Invention du plaisir: Entrevue avec Isabelle Deslauriers

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À noter: Ceci est un extrait d'une entrevue etre notre fondatrice Isabelle Deslauriers et Jessica Gordon de LUVOQA. Vous pouvez lire l'entrevue complète ICI. (Entrevue disponible en anglais seulement)

 Interview de Isabelle Deslauriers par Luvoqa

Meet Isabelle

Isabelle Deslauriers is the founder of Désirables, a design firm based in Montréal that specializes in creating and bringing to market intimate products that are warm, functional, sustainable, and aesthetic. Their products are made from the best materials, by local small businesses and craftspeople. A trained industrial designer, and thinking about her next line, Isabelle shared with us her design process and thoughts on design education for sex toys. 

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JESSICA GORDON: All of the products at Désirables are so well designed. What does your design process look like? How do you create something new?

ISABELLE DESLAURIERS: Awww! Thank you, Jessica. I’m so glad that you can see our attention to detail in our products. Our design process is largely inspired by my industrial design background. We use a process call “design thinking”. In business, it’s a process that has been used by various well-known companies around the globe; IDEO, IBM, and Intuit, to name a few.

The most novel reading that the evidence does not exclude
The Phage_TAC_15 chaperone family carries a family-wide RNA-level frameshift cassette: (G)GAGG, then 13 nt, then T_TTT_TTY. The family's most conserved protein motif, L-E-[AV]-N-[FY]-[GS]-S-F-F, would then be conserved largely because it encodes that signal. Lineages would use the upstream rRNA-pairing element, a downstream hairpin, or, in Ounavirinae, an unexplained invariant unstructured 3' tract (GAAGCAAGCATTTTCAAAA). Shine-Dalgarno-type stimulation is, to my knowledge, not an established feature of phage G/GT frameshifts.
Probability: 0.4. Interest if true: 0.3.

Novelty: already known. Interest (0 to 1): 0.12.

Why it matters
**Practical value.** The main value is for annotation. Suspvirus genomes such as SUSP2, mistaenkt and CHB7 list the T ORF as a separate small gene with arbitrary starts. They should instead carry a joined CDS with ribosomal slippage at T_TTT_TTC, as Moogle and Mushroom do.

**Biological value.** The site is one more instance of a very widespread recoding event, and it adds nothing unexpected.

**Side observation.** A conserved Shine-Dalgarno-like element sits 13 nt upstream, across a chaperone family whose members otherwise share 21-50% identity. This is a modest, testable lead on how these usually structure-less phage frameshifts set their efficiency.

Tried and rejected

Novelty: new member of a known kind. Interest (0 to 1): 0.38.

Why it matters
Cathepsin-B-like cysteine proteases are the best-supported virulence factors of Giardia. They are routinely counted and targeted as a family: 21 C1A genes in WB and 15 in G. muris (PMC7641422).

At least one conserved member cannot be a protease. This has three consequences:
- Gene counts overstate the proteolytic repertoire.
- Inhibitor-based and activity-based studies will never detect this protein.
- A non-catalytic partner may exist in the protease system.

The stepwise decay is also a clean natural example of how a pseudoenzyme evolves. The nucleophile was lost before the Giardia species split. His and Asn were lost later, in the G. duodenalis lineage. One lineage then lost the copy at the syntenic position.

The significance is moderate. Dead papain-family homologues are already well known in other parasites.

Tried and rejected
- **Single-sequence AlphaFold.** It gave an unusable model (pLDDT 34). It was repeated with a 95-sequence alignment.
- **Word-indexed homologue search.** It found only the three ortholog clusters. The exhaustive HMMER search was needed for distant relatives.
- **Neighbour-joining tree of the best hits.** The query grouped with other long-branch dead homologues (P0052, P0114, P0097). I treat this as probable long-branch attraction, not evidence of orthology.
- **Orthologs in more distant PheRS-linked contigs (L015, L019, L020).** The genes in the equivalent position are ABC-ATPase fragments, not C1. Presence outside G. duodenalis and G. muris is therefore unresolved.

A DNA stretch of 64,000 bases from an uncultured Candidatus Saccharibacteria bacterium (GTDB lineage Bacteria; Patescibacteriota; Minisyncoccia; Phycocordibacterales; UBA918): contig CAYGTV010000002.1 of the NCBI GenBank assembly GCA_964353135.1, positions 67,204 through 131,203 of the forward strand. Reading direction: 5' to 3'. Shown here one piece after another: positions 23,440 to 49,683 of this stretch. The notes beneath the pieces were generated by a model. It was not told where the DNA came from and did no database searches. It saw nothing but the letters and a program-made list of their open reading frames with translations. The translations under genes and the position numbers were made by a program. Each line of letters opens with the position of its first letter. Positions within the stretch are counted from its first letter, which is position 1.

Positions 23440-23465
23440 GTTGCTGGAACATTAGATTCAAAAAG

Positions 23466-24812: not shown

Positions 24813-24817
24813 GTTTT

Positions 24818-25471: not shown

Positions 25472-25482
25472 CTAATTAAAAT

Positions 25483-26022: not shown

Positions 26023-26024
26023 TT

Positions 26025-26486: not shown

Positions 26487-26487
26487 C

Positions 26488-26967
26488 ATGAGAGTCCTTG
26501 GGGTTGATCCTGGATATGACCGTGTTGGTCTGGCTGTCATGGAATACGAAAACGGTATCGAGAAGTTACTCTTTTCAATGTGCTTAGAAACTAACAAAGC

Design thinking process illustration by Désirables

In the sex toy industry, it is a relatively new approach that was first used by JimmyJane back in early 2010 when they collaborated with world-renowned designer Yves Béhar. Actually, the founder of Jimmyjane is an industrial designer too. So is Crave’s founder.

I think what sets industrial designers apart is our ability to empathize with the user. We’ll try as hard as possible to put ourselves in their shoes, with their issues and aspirations in mind. This way, we try to understand how we could solve anything that doesn’t feel right with the user experience.

Our best sellers, the Désirables Dalia and Désirables Adori, were designed after eight months of research on the principles of “intimacy”, “pleasure”, and “body acceptance”. I set out objectives that the product needed to reach in terms of interactions and functions, while the aesthetic came last. The design of our object is never something that is “set in stone”. The Dalia that we sell today is actually the fourth version of our original “intimate explorer”. For example, the first version looked too brittle (but wasn’t), because the proportions between the tip and the center were a little off. Our design aesthetic is based on the functionality of our product (“Form follows function”- Louis Sullivan). Since our porcelain product was destined to be used as a tool to help people reconnect with their bodies, we wanted the design to be as simple as possible. This is why our toys are white and minimally patterned. With a blank canvas, it is easier to let your mind go and not be bothered by any aesthetic choices made by the manufacturer. I still remember how distracted I was by toys shaped like dolphins, butterflies, and rubber duckies. As Leonardo da Vinci is reputed to have said: “Simplicity is the ultimate sophistication.”

 Pour lire l'entrevue complète cliquer ICI

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